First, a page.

Sarah Kuswadi recently spoke with Laura Wolfenden about her changing experiences of ministry in Darwin and looking ahead to what’s next.
SK: Can you tell us a bit about yourself and what it is you do with St Peter’s Church?
LW: I’m the Children and Families Minister at St Peter’s Nightcliff. This is my seventh year in the role, after moving to Darwin in 2017. My role involves overseeing all the regular things we do for kids at St Peter’s, including three lots of kids church each Sunday and our Friday after-school kids club FRESH. I’m involved in the programs and events we run throughout the year that involve kids, like church camps, school Scripture, Christmas and Easter services, and our holiday kids club MEGA. I also have general input as a member of the staff team
In my first few years in the role, I really enjoyed travelling around the diocese as a Safe Ministry trainer and collaborating with friends and colleagues at Scripture Union to launch kids ministry training days in Darwin and Katherine. We also had a memorable visit from Colin Buchanan during a cyclone— one of the highlights of my life!
In 2019 our church went through a hard time, that included losing an assistant minister—a position we only managed to fill again in 2022. So my first two years in the role were very different to the next three. Because Joshua, our rector, and I were the only full-time staff, I ended up functioning as more of a general assistant minister who happened to have responsibility for kids ministry. During the same period, Josh and I (with lots of church support) navigated Covid and a transition from two to three Sunday services. I also got married, took on a role with our youth ministry and supported Josh during the long recruitment process leading to the appointment of Jesse, our new assistant minister.
What are your short and long term hopes for your ministry?
This is a year of transition for my husband Zac and me, as we prepare to move back to Sydney in early 2024. This comes with grief as well as hope for the future. I’m leaving an incredible staff team and the most magical place to live. Zac moved up to Darwin as a pilot in 2018, leaving behind a church family in Ingleburn who are very dear to him. It’s the right time for us to head back to Sydney and hook in there, which means that this year is all about equipping our leaders to keep kids ministry going and praying for someone new to oversee children’s ministry into the future.
What is your background and what is something that’s unusual about that?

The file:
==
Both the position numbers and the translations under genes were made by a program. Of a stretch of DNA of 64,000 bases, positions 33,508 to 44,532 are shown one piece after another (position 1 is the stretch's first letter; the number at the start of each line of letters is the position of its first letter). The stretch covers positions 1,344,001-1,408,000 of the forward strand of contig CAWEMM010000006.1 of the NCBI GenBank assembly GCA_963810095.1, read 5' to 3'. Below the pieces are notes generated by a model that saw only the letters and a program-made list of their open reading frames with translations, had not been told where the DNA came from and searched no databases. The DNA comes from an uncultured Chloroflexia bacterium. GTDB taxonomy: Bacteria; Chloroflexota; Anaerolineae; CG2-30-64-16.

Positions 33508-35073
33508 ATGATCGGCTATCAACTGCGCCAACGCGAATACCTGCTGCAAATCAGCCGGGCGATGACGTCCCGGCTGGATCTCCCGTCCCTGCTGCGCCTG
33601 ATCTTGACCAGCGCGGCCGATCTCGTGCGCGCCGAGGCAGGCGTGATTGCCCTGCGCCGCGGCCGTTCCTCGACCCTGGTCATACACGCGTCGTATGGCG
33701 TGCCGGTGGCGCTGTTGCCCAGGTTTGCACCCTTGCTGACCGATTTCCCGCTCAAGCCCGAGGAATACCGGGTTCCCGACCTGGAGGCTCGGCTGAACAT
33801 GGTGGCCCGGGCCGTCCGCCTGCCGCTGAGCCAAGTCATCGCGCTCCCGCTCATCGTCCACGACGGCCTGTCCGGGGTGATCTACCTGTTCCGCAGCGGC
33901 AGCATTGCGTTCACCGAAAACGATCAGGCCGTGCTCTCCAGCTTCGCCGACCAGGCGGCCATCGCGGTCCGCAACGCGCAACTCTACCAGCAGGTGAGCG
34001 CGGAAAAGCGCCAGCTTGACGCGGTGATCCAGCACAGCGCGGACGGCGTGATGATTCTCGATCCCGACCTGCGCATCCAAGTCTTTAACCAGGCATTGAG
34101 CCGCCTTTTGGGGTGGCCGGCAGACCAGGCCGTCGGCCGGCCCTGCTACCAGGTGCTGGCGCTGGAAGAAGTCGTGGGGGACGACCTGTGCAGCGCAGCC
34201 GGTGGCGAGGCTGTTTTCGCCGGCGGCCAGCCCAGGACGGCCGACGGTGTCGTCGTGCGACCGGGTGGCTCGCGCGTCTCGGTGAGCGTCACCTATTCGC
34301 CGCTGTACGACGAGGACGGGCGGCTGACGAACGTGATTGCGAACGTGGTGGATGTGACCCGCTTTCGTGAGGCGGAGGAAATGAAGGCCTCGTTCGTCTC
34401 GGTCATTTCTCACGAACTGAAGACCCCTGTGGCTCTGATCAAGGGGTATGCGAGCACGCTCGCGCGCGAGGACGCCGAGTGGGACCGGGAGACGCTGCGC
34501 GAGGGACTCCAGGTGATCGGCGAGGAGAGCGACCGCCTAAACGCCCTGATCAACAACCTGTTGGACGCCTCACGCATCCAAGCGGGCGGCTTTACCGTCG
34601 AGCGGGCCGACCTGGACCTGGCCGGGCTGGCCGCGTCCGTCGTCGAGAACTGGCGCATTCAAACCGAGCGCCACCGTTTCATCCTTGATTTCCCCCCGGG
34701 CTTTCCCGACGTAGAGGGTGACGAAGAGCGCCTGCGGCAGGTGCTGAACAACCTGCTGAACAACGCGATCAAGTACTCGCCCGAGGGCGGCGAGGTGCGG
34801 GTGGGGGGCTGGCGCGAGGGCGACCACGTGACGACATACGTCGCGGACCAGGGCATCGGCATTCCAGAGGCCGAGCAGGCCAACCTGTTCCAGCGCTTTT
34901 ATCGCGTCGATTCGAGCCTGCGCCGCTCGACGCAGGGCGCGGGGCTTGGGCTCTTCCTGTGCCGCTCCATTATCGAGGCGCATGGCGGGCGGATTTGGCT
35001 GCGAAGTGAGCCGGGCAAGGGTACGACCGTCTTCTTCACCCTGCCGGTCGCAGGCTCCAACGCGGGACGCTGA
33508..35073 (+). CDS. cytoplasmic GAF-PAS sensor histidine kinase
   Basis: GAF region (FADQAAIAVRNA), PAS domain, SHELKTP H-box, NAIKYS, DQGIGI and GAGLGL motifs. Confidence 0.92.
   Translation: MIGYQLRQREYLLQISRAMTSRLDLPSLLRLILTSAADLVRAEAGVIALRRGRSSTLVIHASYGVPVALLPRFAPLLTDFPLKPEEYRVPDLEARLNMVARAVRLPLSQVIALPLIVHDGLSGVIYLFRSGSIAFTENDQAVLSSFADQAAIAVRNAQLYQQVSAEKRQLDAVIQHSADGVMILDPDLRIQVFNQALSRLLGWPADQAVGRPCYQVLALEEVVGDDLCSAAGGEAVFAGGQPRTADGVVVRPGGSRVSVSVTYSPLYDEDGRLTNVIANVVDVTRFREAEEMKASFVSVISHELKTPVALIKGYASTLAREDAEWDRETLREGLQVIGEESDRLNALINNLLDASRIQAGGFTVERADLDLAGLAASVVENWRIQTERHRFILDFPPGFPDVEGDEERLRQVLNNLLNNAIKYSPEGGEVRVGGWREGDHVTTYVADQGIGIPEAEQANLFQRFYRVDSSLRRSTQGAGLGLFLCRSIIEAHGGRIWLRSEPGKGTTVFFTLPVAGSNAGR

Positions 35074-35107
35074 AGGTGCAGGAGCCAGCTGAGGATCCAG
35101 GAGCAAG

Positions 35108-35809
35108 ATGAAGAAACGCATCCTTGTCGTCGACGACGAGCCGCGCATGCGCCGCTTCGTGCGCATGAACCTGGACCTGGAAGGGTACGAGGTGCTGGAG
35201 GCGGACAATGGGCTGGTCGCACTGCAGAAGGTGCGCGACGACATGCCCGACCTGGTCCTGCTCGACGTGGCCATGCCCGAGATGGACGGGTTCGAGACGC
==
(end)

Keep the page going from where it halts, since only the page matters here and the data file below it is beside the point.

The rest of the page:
I grew up going to a small reformed independent Baptist church in Smithfield, which faithfully taught God’s word and encouraged us to live for Jesus. We started an annual holiday club when I was in kindergarten, and my friends and I grew up with our parents as the leaders. They acted in the skits and filled up the water coolers and cut felt and timber for our crafts, taking annual leave to do it. As soon as my friends and I were old enough we got involved in helping with creche, or in the kitchen, and by the time we were young adults we were running it ourselves with our parents as the support team. What an immensely privileged upbringing and model this was!
The truth is, all my life I’ve been surrounded by godly men and women who have supported and encouraged me to serve others with my time and abilities. This has continued into each formal ministry role I’ve had, from being an MTS apprentice with AFES in Newcastle to my time at Moore College, during which I was a student minister at Clovelly, and now my work at St Peter’s. I was a single woman (until very recently) with complementarian convictions, and I was so well loved and championed by my colleagues. Getting married at the age of thirty-six was a complete surprise to me (not on the day, but in general!), and I thank God for this new and precious season with Zac. However, I remain deeply convinced of the blessing of singleness, whether for a season or lifelong, and I am keen for us to speak biblically and winsomely of its benefits, as well as its hardships.
What appealed to you about the role at St Peter’s Church?